Emerging markets face higher LNG price: IEEFA

Shell LNG

Emerging markets such as Vietnam, Pakistan and Bangladesh that are turning to liquefied natural gas (LNG) as a source of power are likely to be hit by higher and more volatile prices, according to Institute for Energy Economics and Financial Analysis (IEEFA).

New gas-fired power plants and LNG import facilities totalling over US$50 billion are at high risk of cancellation as gas-fired electricity becomes unaffordable in emerging markets.

“Asian LNG spot prices have soared to a new high on the back of stronger seasonal demand for heating as freezing weather grips large parts of the northern hemisphere,” LNG/gas analyst Bruce Robertson said.

Interruptions to supply in Malaysia, Australia and the U.S., three of the world’s largest LNG exporters, and higher freight rates have also affected prices.

The average LNG price for the February 2021 delivery into northeast Asia is estimated to be around $21.45 per million British thermal units (mmBtu), according to pricing agency S&P Global Platts, up 47 percent from the previous week ($14.60, Reuters reported.

A recent spot LNG cargo out of the Gorgon project in Western Australia was sold at a price of about US$37 per million British thermal units, more than 18 times higher than the price about six months ago, according to the Australian Financial Review.

Recent spot price volatility has led to tenders being cancelled by Bangladesh and Pakistan.

Price sensitive emerging markets will find the gas price environment challenging, as we have already seen in Bangladesh and Pakistan.

Higher and volatile LNG prices will make operating LNG-powered generation plants more costly and unpredictable. This may lead to the underutilisation of LNG plants and rising gas and electricity tariffs for customers.

The recent spot price rise may be a precursor to higher and more volatile gas prices in the future, with less affordable contract prices a likely outcome.

While contract gas prices have been low and relatively stable in recent years, this is unlikely to last, says Robertson.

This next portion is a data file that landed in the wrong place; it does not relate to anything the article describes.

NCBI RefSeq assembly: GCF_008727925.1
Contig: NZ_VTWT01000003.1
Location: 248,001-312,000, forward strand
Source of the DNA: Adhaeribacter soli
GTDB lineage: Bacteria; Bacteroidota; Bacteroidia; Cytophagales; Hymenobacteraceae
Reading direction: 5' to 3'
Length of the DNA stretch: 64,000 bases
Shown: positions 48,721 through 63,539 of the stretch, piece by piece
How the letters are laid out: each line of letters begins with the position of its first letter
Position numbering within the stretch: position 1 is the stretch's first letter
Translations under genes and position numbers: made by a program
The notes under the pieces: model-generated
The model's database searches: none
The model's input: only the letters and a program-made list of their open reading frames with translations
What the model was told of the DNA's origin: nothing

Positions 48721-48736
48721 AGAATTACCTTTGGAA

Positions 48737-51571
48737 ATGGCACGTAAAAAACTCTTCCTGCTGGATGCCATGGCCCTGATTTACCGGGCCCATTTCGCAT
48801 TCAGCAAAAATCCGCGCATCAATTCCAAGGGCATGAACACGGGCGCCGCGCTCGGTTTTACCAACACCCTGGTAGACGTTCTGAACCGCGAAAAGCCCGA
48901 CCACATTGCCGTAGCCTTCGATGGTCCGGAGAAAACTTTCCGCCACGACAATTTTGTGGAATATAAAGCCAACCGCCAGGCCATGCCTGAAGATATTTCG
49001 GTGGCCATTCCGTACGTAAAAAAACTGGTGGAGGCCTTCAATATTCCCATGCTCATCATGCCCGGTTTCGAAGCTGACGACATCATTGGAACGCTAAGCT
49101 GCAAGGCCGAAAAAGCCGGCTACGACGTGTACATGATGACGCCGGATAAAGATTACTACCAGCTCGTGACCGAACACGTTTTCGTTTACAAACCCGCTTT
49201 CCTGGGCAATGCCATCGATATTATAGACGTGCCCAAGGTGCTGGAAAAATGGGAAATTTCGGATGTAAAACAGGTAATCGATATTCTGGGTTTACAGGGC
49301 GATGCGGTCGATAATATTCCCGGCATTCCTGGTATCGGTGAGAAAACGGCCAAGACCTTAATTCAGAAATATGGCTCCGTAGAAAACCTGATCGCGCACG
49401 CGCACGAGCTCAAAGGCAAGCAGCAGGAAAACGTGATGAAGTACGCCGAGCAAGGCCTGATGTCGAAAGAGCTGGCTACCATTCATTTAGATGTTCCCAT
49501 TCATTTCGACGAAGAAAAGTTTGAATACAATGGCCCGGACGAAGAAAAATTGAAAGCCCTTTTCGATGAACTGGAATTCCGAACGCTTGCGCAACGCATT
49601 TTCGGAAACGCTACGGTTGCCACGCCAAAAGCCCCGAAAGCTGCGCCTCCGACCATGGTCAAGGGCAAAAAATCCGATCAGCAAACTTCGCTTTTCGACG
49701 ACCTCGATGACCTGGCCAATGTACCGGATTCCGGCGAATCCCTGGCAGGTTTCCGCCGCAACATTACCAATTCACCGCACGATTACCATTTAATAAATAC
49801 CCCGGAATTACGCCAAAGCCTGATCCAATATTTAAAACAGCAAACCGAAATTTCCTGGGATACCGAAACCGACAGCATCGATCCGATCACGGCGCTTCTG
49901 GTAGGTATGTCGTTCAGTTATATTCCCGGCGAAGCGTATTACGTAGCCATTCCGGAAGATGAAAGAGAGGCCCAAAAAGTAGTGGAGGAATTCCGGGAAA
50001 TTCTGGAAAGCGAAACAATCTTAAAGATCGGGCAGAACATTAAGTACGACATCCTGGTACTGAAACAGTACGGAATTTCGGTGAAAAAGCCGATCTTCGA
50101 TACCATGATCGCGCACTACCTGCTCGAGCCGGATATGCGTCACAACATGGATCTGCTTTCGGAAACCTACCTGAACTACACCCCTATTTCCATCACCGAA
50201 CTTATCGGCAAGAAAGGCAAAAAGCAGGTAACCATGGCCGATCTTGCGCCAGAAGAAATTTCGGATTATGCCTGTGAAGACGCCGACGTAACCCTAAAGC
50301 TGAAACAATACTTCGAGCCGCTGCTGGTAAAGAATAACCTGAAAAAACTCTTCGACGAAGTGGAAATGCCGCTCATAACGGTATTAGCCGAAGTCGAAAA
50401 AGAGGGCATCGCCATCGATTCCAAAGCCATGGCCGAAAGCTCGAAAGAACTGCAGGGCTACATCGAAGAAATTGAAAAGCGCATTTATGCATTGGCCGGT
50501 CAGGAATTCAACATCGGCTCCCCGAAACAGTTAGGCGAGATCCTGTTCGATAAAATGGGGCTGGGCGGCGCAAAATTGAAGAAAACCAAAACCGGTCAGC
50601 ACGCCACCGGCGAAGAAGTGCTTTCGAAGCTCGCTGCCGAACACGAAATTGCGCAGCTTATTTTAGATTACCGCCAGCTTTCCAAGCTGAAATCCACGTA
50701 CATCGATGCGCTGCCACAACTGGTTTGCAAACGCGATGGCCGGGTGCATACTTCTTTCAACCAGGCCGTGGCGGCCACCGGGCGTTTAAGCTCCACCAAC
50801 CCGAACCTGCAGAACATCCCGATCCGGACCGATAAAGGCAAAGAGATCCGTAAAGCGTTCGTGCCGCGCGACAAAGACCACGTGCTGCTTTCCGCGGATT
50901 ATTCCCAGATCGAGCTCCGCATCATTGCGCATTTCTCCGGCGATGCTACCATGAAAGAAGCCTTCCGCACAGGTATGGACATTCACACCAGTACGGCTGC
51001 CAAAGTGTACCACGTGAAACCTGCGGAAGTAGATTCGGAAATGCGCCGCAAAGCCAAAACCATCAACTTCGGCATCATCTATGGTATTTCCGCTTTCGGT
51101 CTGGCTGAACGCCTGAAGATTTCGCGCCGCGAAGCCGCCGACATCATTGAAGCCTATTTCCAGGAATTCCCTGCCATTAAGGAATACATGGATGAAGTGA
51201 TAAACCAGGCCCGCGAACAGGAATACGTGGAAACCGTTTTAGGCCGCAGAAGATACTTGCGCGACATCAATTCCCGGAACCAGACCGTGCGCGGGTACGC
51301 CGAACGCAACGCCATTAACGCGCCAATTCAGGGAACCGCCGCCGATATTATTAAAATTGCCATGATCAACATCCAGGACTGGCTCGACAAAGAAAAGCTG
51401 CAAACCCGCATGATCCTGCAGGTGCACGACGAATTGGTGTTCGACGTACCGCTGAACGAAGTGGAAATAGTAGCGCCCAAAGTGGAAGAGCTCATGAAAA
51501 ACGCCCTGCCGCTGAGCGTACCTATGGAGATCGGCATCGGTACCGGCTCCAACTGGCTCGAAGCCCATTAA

The oil price, on which a lot of gas contracts are based, has been low for a considerable length of time. If the global economy does bounce back from the COVID-19 crisis there could be considerably higher gas contract prices out of Australia, Qatar and the other big exporters.

Production has been severely curtailed, particularly in the U.S. where gas is sold based on local U.S. spot prices. “We expect U.S. spot prices to rise considerably, potentially doubling or even tripling due to the fact that production has been so low,” says Robertson.

Prices on the Henry Hub gas exchange, the U.S. gas price benchmark, are about to be unsettled by a combination of oil and gas bankruptcies, the poor financial state of oil and gas companies, and a lack of drilling in the U.S.

“We may be coming to the end of an era of stable gas prices and the effects of this will reverberate globally as the U.S. is now a major exporter,” says Robertson.

For Asian power utilities, this could mean the prospect of underutilisation of their LNG generation plants in the coming year.

The emerging markets of Vietnam, Pakistan and Bangladesh have over US$50 billion of proposed gas-fired power projects at risk of cancellation from unaffordable LNG prices. The volatility of spot prices combined with the increasing volatility of contract prices will see many projects become unbankable.

The report said Asian countries should be looking to deflationary renewable energy as a cheaper, more predictable alternative resource to LNG.